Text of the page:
Secondly, think about why the behavior is bothering you so much. Are you embarrassed in front of others? Have you decided it is a "bad" behavior because it is something adults do not deem acceptable? Most of these behaviors may be annoying, but they are developmentally appropriate and not hurting your child or anyone else. The less you stress about them, the sooner they will come to an end. 

Lower Your Expectations

Sometimes, we forget that our kids are just kids! Having expectations that are not age-appropriate for your children will only set them up for failure and give them reasons to disappoint you. Do you expect your child to have proper table manners, to sit for long meals, or greet all your friends and relatives? Teaching your children these "adult" behaviors and modeling them will encourage your children to do them, but keep your expectations in check, especially if your child has not napped or is hungry.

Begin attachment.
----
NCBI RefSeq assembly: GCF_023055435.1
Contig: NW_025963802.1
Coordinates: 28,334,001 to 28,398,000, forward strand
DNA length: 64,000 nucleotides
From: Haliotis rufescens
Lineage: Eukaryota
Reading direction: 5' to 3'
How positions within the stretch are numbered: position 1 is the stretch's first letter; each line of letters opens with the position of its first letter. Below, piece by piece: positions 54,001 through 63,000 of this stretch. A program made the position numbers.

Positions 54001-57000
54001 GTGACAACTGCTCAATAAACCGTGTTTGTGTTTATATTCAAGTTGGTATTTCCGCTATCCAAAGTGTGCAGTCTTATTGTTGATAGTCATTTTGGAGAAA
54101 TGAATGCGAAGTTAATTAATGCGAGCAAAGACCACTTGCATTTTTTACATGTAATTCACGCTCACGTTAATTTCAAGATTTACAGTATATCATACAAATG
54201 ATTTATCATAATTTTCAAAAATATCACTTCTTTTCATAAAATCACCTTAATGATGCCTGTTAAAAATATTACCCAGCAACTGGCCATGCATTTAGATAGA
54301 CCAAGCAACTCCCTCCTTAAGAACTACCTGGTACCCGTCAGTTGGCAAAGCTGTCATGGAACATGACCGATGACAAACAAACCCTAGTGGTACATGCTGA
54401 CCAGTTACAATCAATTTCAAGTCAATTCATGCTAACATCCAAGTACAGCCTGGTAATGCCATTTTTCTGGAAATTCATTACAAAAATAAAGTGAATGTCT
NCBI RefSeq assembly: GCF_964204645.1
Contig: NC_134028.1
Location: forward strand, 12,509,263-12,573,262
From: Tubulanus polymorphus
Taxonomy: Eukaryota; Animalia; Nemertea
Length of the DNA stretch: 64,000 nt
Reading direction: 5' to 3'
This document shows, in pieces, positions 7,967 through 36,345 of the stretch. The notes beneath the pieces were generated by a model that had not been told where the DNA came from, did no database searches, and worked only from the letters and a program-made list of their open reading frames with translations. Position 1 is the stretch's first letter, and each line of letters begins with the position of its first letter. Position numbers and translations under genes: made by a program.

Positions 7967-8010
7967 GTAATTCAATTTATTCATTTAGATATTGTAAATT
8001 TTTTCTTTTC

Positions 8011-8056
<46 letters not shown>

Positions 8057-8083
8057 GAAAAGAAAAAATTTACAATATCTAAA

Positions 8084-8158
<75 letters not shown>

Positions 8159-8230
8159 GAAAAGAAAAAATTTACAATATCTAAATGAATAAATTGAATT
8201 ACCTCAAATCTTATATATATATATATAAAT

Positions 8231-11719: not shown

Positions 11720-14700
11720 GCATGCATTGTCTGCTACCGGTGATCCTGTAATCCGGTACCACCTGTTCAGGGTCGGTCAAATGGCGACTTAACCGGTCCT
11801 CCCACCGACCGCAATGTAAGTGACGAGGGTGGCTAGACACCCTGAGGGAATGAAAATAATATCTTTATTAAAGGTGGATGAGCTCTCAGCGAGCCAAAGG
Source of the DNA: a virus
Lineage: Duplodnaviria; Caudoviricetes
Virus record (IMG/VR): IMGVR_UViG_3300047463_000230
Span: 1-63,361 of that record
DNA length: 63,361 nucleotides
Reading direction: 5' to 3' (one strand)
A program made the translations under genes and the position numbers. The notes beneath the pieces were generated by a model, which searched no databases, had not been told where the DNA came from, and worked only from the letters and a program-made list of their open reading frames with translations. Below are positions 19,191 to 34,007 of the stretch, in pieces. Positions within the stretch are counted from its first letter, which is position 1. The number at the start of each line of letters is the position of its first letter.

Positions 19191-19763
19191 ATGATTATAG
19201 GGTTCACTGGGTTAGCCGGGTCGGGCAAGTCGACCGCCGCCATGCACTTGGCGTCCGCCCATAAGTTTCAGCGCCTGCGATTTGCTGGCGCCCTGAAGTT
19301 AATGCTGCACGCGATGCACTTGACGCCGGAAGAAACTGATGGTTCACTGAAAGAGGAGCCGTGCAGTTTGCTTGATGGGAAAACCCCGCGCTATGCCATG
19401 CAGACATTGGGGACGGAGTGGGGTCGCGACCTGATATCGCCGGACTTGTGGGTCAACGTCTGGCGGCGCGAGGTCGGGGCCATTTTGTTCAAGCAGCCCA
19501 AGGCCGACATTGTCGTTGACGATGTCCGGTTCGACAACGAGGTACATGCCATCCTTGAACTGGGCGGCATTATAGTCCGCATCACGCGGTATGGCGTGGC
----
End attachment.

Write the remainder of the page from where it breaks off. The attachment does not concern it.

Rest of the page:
The holiday season is a time when these unwanted behaviors come out because kids get overwhelmed by big gatherings or eating and sleeping at different times. Some kids are more introverted or shy and feel uncomfortable talking to adults. If you lower your expectations, there is less room for frustration.

Remind Yourself the Phase Will Pass

Can you remember the horrendous first weeks home with a newborn? You were not sleeping, feeding a tiny being every 2 hours. For most parents, that stage felt like it would never end, but it did, and so will each phase. If your 12 hours a night solid sleeper just started waking up at 3 am or your veggie-loving kid will only eat macaroni and cheese, remind yourself that most undesirable behaviors are phases — with endings.